Deadlifting For Strength
The Deadlift is a great strength training method when a training program is well written and followed.
However, using the Powerlfiting Competition Deadlift (Squat as well as Bench Press) as a Training Exercise is counter productive.
Let look at…
To increase strength in muscle groups, the muscles need to be overloaded. Overloading the muscles innervates more Muscle Fiber. Muscle Fiber that are stressed respond by becoming stronger and/or larger; that dependent on how the training program is written and followed.
To overload the muscle in a exercise, at some point you need dramatically increase the intensity; pushing it infrequently near failure or to failure.
When an exercise is pushed to that kind of intensity, fatigue occurs. The problem with that is…
Muscle Fatigue Lead to Poor Technique
Once muscle fatigue occurs in an exercise, technique falls apart. This is part of the…
The Powerlifing Training Paradox
The irony is that to increase strength you need to overload the exercise at time to increase strength.
However, when pushing the exercise to near or failure, technique falls apart.
Thus, when pushing the Deadlift to near failure or to failure, the last rep or two are will lead to poor technique, learning how to perform the movement incorrectly.
To reiterate what I have stated in my previous post, that means using the Competition Powerlifts, such as the Competition Deadlift for your Deadlift Training works but it isn’t the optimal method.
What is unique about Powerlifting is that it one of the few sports, the only one that I know, that used the Competition Lifts as Training Exercises.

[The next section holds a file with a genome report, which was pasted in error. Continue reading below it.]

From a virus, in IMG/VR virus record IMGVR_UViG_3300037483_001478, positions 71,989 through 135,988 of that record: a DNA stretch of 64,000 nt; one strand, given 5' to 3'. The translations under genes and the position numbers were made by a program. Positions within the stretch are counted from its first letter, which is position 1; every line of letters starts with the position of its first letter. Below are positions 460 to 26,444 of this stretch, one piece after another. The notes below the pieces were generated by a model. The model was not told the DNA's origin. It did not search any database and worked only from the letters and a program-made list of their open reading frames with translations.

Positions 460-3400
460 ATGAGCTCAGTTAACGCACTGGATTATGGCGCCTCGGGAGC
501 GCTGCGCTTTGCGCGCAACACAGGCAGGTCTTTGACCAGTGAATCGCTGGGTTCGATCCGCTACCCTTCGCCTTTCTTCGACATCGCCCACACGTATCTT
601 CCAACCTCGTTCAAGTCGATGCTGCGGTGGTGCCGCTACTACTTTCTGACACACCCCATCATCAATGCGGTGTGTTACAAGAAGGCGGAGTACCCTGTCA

Other sports don’t do that. They go to the gym weight training to increase Strength and Power for their sport.
Pole Vaulters don’t vault for reps or use heavy polls to vault with.
Baseball Pitchers, Quarterback in Football and Basketball player don’t use weighted balls to pitch, throw or shoot baskets with for repetitions. They use regulation balls and essentially performing one rep at a time, focusing on technique.
Another factor is the muscle firing sequence and motor patter changes when a heavier or light ball is used or a if a heavier or light pole was used in Vaulting
Dr Tom McLaughlin (PhD Exercise Biomechanids/ former Powerlifter) research demonstrated that Technique is best built with single repetition for multiple sets with load in the neighborhood of your 1 Repetition Max, around 85% or more of 1 RM.
Auxiliary Exercises similar in nature to the Powerlifter are used to increase strength in the Powerlifts
Westside Anecdotal Data
Around the same time McLaughlin’s research came out, the Westside Method appeared.
The foundation of it falling in line with McLaughlin’s research.
Auxiliary Exercises were utilized to increase strength in the Powerlifts. Auxiliary Exercises were pushed to the limit, getting the weight at any cost.
Once one Auxiliary Exercise is exhausted, implement another.
NOT Powerlifting Specific
You don’t perform repetitions at a Meet Competition in the Deadlift, Squat or Bench Press.
Thus, performing repetitions with a Competition Deadlift, Squat or Bench Press is NOT Powerlifting Specific.
Secondly, the muscle firing sequence in an exercise is different with lighter load compared to heavy max load.
This takes us back to the Baseball Batter analogy. Learning to hit a 60 mph ball has very little carry over to hitting a 90 mph ball.
Strength can be increased by using the Powerlifts by using the Powerlifts as Training Exercises. However, doing so lead to poor technique when pushed to fatigue.
Technique is best developed with singles that in each Powerlift with heavy loads.
Strength that does NOT compromise Technique is optimally developed with Auxiliary Exercise that are similar to each Powerlift.